Presumptions and premises underpinning decisions during initial qualitative research design; philosophical considerations projected onto sample or vice versa? By Euodia Ong


Presumptions and premises underpinning decisions during initial qualitative research design; philosophical considerations projected onto sample or vice versa?
By Euodia Ong

Bryman (2012, p.46) defines research design as a “framework for the collection and analysis of data”. In addition, Saunders et al. (2009) recognises research design an involvement between a combination of methods, strategies and philosophies when proposing, planning and carrying out research. Various authors have acknowledged the importance of considering various factors such as validity, reliability and replication when designing research (Dawson, 2009; Bryman and Bell, 2011; Bryman, 2012). However, are there other elements that researcher have to examine before constructing research?
Slife and Williams (1995 cited in Creswell, 2008) states that philosophical ideas are rarely identified within research; however, they need to be identified as they do influence the methods of research conducted. “Developing a philosophical perspective requires that the researcher make several core assumptions concerning two dimensions: the nature of society and the nature of science” (Burrell and Morgan, 1979 cited Holden and Lynch, n.d.). A researcher should consider the philosophy as a vital part of the research process as it helps the researcher to remain subjective and open to new possibilities, which may in turn aid in the appropriate method to conduct research (Holden and Lynch, n.d.). At the same, Ritchie et al. (2013) highlight the importance of the underpinning philosophical attributes. In fact, a researcher should first grasp these interpretive frameworks before selecting the most suitable qualitative approach to conduct their research (ibid).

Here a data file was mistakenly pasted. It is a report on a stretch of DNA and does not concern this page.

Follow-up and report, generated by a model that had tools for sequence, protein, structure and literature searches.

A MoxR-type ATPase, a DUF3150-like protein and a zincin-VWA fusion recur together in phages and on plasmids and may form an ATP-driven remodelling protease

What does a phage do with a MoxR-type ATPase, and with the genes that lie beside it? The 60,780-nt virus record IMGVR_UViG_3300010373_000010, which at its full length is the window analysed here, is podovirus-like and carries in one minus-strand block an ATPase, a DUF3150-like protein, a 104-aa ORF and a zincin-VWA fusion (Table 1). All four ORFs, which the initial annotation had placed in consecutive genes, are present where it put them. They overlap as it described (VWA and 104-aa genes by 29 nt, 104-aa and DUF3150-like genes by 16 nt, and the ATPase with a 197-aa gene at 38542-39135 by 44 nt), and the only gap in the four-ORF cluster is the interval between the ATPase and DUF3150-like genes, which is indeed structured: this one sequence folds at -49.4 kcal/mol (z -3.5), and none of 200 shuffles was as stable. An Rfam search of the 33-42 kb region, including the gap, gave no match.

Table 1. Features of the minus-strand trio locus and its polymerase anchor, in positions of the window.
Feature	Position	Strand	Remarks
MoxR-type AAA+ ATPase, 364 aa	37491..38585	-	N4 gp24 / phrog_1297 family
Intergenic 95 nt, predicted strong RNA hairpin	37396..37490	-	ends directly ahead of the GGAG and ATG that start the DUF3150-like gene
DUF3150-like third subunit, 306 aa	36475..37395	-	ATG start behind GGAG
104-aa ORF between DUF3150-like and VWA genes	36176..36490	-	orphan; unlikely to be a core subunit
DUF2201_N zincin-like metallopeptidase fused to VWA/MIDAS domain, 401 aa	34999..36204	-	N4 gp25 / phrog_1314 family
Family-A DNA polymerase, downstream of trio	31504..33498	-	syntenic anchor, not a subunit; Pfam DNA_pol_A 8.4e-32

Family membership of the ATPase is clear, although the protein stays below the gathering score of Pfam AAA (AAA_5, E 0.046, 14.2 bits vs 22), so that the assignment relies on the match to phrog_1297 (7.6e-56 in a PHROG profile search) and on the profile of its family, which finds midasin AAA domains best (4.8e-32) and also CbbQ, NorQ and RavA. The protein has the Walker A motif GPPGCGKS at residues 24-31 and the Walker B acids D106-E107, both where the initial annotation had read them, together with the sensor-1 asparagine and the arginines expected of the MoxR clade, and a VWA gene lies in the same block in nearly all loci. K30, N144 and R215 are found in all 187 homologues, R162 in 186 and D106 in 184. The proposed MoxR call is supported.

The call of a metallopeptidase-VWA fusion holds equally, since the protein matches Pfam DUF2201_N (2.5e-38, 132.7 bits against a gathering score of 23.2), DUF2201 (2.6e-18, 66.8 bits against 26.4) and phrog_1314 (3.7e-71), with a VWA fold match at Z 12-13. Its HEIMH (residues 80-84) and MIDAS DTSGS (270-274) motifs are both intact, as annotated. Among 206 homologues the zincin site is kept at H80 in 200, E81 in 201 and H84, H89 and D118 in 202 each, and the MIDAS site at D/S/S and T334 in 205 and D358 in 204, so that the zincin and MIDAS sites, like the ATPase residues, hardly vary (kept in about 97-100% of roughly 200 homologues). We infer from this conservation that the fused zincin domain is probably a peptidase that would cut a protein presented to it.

In order to enhance the importance of philosophical considerations, the author would firstly define qualitative research. “Unlike quantitative research, qualitative analysts do not believe that there s a single truth” (Newby, 2010). Denzin and Lincoln (2005 cited in Creswell, 2007) describe qualitative research as the study of people and/or objects in the attempt of analysing and interpreting phenomena and the perception of people on the subject. The qualitative approach consists of many intricate layers and textures, due to the inconsistency in ontology, epistemology and human nature (Newby, 2010; Bryman, 2012; Holden and Lynch, n.d.). Moreover, qualitative research begins with assumptions that are viewed through different lenses, influenced by different groups or individuals, thus making it difficult in setting a research design (Creswell, 2007). The author would like to clarify, that there are various methods to carry out a qualitative research such as focus groups, in-depth interviews, semi-structured interviews and more (Marshall and Rossman, 1999; Silverman, 2010). However, for the purposes of this paper, the author will be comparing the research paradigm with in-depth interviews.